Society of the Spectacle annotated

 
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The first version of this translation of The Society of the Spectacle was completed and posted online at my “Bureau of Public Secrets" website in 2002. The first print version was published by Rebel Press (London) in 2004 and several other editions were subsequently published in various print and digital formats. Meanwhile I continued to fine-tune the version on my website. Although I will continue to tweak the online version as further improvements occur to me, this new printed edition is probably pretty close to final. There have been several previous English translations of Debord's book. I have gone through them all and have retained whatever seemed already to be adequate. In particular, I have adopted quite a few of Donald Nicholson-Smith's renderings, though I have diverged from him in many other cases. His translation (Zone Books, 1994) and the earlier one by Fredy Perlman and friends (Black and Red, 1970; revised 1977; reprinted by AK Press, 2005) are both still in print, and both can also be found at various online sites. Although I obviously would not have taken the trouble to do this new translation if I had not felt there was room for improvements in those earlier translations, I encourage readers to compare all three versions in order to get a fuller sense of the original text. In many cases the differences are matters of stylistic nuances and it may be debatable which phrasing conveys Debord's meaning most clearly and accurately. Regardless of such differences, I am pleased to note that my friends Lorraine Perlman (Fredy's widow) and Donald Nicholson-Smith have graciously expressed enthusiastic support for the idea of providing annotations.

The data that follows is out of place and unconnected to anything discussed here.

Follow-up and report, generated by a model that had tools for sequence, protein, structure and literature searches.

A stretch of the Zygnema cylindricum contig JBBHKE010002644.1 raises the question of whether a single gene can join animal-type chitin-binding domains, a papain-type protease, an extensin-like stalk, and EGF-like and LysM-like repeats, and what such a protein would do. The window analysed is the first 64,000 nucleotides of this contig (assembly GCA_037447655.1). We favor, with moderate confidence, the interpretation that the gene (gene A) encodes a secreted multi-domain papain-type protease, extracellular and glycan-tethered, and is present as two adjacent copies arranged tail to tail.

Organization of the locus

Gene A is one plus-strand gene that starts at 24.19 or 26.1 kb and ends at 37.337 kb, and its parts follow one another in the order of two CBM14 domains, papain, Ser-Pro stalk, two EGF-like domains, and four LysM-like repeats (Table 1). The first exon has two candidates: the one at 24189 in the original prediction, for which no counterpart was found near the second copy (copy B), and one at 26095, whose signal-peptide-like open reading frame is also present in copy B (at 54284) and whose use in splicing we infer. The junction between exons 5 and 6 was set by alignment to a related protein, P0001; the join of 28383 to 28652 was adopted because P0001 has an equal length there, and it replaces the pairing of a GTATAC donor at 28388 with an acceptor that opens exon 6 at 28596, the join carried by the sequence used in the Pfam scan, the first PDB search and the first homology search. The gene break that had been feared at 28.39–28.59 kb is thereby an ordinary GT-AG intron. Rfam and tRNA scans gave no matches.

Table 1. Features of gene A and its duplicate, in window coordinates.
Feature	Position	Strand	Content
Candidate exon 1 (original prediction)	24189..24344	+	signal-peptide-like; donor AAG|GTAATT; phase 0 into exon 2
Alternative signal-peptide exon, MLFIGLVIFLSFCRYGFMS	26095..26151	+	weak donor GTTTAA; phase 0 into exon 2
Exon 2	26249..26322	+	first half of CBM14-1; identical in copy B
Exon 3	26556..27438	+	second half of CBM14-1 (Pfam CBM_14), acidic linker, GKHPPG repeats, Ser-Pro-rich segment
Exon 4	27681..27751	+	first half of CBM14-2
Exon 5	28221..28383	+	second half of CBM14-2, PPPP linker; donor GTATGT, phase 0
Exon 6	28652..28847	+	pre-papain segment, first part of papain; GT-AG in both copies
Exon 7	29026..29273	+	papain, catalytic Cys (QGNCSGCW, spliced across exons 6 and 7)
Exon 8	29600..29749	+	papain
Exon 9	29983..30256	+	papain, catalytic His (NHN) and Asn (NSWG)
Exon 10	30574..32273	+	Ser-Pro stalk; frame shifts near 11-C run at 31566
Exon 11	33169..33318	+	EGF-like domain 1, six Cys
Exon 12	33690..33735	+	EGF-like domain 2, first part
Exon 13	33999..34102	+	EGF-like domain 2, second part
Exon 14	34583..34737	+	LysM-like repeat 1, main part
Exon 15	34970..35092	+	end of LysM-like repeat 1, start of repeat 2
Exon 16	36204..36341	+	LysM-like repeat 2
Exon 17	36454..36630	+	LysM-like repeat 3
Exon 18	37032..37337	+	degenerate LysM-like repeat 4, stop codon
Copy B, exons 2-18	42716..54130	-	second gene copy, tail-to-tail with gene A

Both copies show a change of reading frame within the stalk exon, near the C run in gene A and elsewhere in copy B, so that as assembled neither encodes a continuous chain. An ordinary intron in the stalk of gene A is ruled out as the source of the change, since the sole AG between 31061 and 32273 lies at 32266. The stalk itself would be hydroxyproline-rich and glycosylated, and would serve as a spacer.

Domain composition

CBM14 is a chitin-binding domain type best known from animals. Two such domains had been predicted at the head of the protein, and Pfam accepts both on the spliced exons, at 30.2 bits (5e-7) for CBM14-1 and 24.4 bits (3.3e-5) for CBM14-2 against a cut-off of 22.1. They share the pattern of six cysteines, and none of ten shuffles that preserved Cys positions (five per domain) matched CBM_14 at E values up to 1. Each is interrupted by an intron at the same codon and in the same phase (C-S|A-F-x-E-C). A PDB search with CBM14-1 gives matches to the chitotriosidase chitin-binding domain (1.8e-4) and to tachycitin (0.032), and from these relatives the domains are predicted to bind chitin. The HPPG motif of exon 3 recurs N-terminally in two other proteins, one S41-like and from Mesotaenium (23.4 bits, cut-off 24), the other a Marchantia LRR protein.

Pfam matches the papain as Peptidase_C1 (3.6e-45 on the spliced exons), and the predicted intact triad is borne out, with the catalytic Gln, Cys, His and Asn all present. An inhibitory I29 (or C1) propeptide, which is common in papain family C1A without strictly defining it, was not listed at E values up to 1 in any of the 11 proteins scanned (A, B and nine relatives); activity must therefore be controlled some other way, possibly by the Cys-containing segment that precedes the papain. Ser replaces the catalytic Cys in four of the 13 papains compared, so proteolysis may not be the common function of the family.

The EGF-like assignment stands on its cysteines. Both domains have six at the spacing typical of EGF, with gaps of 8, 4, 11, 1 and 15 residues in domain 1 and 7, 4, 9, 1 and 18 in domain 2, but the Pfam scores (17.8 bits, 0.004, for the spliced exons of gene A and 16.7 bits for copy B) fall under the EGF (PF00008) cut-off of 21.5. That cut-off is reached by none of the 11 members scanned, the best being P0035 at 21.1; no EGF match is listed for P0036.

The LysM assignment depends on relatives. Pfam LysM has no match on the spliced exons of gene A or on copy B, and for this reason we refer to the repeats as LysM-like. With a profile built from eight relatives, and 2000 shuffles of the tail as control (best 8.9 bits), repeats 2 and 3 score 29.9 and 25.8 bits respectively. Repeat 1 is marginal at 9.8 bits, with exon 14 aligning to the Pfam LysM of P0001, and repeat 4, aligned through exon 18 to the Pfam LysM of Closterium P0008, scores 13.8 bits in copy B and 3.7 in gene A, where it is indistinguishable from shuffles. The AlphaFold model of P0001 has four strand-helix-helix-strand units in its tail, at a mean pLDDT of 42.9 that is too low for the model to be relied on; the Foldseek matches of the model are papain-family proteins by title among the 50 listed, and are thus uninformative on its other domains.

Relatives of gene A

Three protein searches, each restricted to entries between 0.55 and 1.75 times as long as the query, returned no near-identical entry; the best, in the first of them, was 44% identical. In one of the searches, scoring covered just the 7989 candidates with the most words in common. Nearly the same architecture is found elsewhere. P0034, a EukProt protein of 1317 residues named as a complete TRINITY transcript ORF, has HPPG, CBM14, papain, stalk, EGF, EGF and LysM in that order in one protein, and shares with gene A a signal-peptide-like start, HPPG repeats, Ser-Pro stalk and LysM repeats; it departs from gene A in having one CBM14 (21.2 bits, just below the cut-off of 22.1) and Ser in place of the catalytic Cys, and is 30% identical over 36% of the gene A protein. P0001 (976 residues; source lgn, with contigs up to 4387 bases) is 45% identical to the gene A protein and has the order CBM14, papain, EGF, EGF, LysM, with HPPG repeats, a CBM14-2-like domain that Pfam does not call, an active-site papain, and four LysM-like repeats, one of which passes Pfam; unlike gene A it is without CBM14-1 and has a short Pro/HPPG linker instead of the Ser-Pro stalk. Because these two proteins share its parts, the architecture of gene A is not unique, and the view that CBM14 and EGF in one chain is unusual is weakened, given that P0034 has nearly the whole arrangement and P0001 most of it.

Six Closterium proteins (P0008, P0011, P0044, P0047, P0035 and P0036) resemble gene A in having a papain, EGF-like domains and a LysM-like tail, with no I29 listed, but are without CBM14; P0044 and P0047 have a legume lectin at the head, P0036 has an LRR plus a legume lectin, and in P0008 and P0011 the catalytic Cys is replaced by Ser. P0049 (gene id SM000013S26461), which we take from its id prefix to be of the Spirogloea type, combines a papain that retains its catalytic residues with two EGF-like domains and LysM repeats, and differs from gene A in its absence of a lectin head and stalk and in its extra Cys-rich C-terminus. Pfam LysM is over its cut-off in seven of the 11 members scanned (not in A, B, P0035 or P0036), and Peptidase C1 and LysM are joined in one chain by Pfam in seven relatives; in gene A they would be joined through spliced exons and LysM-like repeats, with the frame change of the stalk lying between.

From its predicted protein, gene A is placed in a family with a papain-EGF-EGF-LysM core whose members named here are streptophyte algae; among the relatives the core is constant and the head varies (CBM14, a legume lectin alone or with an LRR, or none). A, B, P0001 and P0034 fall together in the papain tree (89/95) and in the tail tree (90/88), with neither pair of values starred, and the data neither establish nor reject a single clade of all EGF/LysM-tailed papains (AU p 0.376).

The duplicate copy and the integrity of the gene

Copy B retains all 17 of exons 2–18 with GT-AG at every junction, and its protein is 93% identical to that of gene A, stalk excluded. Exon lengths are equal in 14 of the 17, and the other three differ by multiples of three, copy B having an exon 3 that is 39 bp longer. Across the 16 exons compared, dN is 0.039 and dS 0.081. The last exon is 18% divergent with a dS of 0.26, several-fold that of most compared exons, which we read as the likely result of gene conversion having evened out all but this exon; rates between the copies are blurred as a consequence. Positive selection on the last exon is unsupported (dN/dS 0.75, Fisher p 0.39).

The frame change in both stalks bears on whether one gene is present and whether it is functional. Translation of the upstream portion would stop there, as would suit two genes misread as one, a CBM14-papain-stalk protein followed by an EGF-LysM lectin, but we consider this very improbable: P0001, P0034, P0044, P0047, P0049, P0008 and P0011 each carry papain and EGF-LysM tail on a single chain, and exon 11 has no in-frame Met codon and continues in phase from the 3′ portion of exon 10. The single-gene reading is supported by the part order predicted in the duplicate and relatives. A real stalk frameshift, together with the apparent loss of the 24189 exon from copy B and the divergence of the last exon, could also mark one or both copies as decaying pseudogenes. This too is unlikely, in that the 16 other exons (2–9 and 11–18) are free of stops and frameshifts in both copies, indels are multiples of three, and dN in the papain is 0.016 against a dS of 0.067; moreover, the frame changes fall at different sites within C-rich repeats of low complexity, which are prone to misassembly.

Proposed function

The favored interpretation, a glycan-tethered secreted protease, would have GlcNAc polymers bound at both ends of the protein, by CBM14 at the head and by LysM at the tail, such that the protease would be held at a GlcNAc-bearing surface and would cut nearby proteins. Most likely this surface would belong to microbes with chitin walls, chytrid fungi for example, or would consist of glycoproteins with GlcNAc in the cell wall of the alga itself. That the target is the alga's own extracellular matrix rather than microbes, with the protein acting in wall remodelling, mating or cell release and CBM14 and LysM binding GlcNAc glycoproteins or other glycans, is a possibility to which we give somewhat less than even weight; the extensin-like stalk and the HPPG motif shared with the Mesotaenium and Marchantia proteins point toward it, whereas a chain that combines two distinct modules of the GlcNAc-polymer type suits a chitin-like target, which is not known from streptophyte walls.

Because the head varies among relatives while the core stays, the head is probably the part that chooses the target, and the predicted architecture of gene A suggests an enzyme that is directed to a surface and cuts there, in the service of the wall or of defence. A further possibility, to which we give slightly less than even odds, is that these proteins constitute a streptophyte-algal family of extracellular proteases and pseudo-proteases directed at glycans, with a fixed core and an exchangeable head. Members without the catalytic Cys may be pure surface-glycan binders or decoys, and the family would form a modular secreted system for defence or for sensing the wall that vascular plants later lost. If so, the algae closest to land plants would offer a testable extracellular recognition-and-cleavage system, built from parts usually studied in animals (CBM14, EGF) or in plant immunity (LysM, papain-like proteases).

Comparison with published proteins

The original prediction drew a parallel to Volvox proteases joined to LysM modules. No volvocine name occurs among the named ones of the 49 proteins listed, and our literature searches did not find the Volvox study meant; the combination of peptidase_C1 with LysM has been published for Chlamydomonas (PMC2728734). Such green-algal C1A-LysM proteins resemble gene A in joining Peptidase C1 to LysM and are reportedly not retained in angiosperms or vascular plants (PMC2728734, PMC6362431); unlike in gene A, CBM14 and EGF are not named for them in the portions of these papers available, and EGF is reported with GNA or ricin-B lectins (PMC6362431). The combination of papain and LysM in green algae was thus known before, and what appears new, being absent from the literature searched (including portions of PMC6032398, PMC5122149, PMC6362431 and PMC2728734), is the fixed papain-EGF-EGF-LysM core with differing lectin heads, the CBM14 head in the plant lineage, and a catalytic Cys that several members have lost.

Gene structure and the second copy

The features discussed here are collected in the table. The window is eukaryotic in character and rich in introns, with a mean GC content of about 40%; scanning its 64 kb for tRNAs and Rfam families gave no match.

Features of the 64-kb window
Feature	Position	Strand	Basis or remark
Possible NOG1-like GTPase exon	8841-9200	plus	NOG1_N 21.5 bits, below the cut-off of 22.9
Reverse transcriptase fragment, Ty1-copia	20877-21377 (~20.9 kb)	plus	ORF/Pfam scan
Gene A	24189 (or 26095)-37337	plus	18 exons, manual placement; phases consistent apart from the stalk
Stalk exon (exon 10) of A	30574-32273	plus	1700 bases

Many people have told me that they became discouraged by the opening pages of the book and gave up. If this is the case with you, I suggest that you try starting with one of the later chapters. If you have some familiarity with radical politics, try chapter 4. As you see how Debord deals with particular movements and events of modern history, you may get a better idea of the practical implications of ideas that are presented more abstractly in the first three chapters. If you are more familiar with earlier history, or with urban social issues, or with art and culture, you might instead try starting with chapter 5 or 7 or 8.

The book is not, however, as difficult or abstract as it is reputed to be. It is not an ivory-tower “philosophical" dissertation. Nor, as others have sometimes imagined, is it a mere expression of “protest." It is a carefully considered effort to clarify the most fundamental tendencies and contradictions of the society in which we find ourselves and to point out the advantages and drawbacks of various methods for changing it. Every single thesis has a direct or indirect bearing on issues that are matters of life and death.

--from the preface